[quote=jjwilkman]in seriousness, can any tell me the title of a good book to teach myself latin? for spanish “el camino real” is s super good book.

when i was in high school most of my study periods were in the back of a latin class. i wish i had paid attention. or better yet had taken the class. all i remember is declension and genetive and case, and agricolae…
[/quote]

My best teach-myself-Latin resource is a slim volume titled Learn Latin by Peter Jones. I wasn’t learning from tabula rasa, but this was the work that really resurrected the high school Latin that I’d allowed to lapse :banghead: for half a lifetime.

tee

[quote=Scott_Lafrance]The penniless traveler will sing in the presence of the highwayman; a man who has nothing has nothing to lose, the same road by different steps. The drop hollows out the stone by frequent dropping, not by force; constant persistence gains the end.
[/quote]

:bigyikes: Wow. Yes, I need to work on my Latin. I haven’t learned all my cases yet, it’s pretty obvious. :o I’m always amazed that so few words in Latin equate to so many words in English.

Anyway… :bowdown: Maybe you could start a thread for those who are more superior in their Latin skills.

What is the definition of the word Viduus? I found it in an obituary dating back to 1769 in reference to an ancestor of mine.

[quote=icequeen]What is the definition of the word Viduus? I found it in an obituary dating back to 1769 in reference to an ancestor of mine.
[/quote]

“Deprived” or “bereft” – Was your ancestor widowed (or even divorced, since more mildly it can mean “separated”)?

(PS. A very thorough dictionary can be found at Perseus Classics Collections)
tee

Here’s my mini encyclical. Perhaps I should forward it to Cardinal Ratzinger if he gets elected. :smiley:

Excommunicantur omnes qui abortionem vulgant sive licitam electu dicunt. Simili modo excommunicantur qui pro eis suffragium in urnam ferunt. Excommunicantur sacerdotes et omnes alii professores iunctiones homosexuales licitae docentes. Excommunicantur episcopi qui leges fert versus Romani pontificis edicta. Excommunicantur omnes sacerdotes qui ex libera voluntate non dicunt missam contra obligationem sive negligunt sacramenta administrare intra populum. Excommunicantur mollestatores et dimittendi sunt ex sacerdotione et puniendi protectores istorum. Excommunicantur qui testes puniunt quia in questionem mollestationis aut alia causa contra clericos dicerint nisi ob fraudem.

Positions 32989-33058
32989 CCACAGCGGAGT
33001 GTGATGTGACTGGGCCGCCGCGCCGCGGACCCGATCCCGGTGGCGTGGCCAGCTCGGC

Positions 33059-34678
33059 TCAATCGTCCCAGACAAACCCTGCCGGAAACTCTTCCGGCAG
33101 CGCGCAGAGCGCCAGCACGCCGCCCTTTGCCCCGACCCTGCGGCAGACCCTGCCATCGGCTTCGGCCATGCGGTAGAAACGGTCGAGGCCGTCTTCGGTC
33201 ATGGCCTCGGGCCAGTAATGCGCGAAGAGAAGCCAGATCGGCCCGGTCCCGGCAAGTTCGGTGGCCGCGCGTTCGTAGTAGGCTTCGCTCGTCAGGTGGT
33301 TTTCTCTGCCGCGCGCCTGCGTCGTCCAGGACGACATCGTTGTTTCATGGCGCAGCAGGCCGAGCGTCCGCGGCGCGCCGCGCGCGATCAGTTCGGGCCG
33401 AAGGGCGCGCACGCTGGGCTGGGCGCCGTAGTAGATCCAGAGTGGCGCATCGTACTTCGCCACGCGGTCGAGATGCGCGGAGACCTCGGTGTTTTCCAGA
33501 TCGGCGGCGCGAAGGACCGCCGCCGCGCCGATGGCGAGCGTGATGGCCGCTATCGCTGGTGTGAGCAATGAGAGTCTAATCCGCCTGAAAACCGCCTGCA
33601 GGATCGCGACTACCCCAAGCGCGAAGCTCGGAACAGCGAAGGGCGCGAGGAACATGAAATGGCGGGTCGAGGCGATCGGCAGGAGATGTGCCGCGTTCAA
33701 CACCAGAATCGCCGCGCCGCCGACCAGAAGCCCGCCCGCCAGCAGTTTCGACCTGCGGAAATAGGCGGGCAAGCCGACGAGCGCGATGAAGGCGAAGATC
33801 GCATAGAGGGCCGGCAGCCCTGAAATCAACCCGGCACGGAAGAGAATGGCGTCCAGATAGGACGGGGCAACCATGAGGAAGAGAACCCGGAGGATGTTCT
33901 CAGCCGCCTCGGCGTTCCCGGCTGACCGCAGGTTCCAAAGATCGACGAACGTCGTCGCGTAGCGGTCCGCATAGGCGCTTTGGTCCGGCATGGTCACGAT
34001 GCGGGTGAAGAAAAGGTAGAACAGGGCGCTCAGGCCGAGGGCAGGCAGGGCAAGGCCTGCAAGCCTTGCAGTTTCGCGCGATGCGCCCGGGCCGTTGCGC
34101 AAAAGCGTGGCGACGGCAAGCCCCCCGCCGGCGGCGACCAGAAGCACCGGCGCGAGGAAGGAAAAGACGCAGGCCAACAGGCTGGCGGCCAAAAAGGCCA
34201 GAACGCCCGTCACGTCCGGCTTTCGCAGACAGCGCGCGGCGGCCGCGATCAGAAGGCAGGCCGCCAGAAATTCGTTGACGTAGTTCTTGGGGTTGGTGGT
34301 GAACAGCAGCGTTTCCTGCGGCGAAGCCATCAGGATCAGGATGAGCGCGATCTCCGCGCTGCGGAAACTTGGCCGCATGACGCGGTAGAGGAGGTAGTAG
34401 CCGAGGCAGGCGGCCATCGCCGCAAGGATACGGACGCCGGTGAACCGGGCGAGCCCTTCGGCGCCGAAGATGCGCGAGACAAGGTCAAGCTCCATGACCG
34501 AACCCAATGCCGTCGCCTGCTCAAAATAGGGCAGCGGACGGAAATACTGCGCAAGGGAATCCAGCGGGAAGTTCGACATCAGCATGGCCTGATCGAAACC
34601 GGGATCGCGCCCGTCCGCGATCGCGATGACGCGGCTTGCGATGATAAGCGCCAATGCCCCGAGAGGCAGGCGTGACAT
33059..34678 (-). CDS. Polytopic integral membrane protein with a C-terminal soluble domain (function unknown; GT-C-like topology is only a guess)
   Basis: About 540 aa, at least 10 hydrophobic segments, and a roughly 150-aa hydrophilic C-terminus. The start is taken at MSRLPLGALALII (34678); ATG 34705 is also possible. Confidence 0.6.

Semper ubum sub ubum!

Venit summa dies et ineluctabile tempus.

habemus papam! :dancing:

decorem est mihi dicere ille in Latina linguam. :yup:

“Deprived” or “bereft” – Was your ancestor widowed (or even divorced, since more mildly it can mean “separated”)?

The ancestor was a widower, supposedly at least three times. Thanks for the definition, it actually helps to settle the question of whether this was his death date or not.

Atinlay isay eallyray oolcay.

ita vero.

[quote=JimO]Atinlay isay eallyray oolcay.
[/quote]

Quid lingua est hoc? (I seriously doubt it should be said this way)

DISCLAIMER: The views and opinions expressed in these forums do not necessarily reflect those of Catholic Answers. For official apologetics resources please visit www.catholic.com.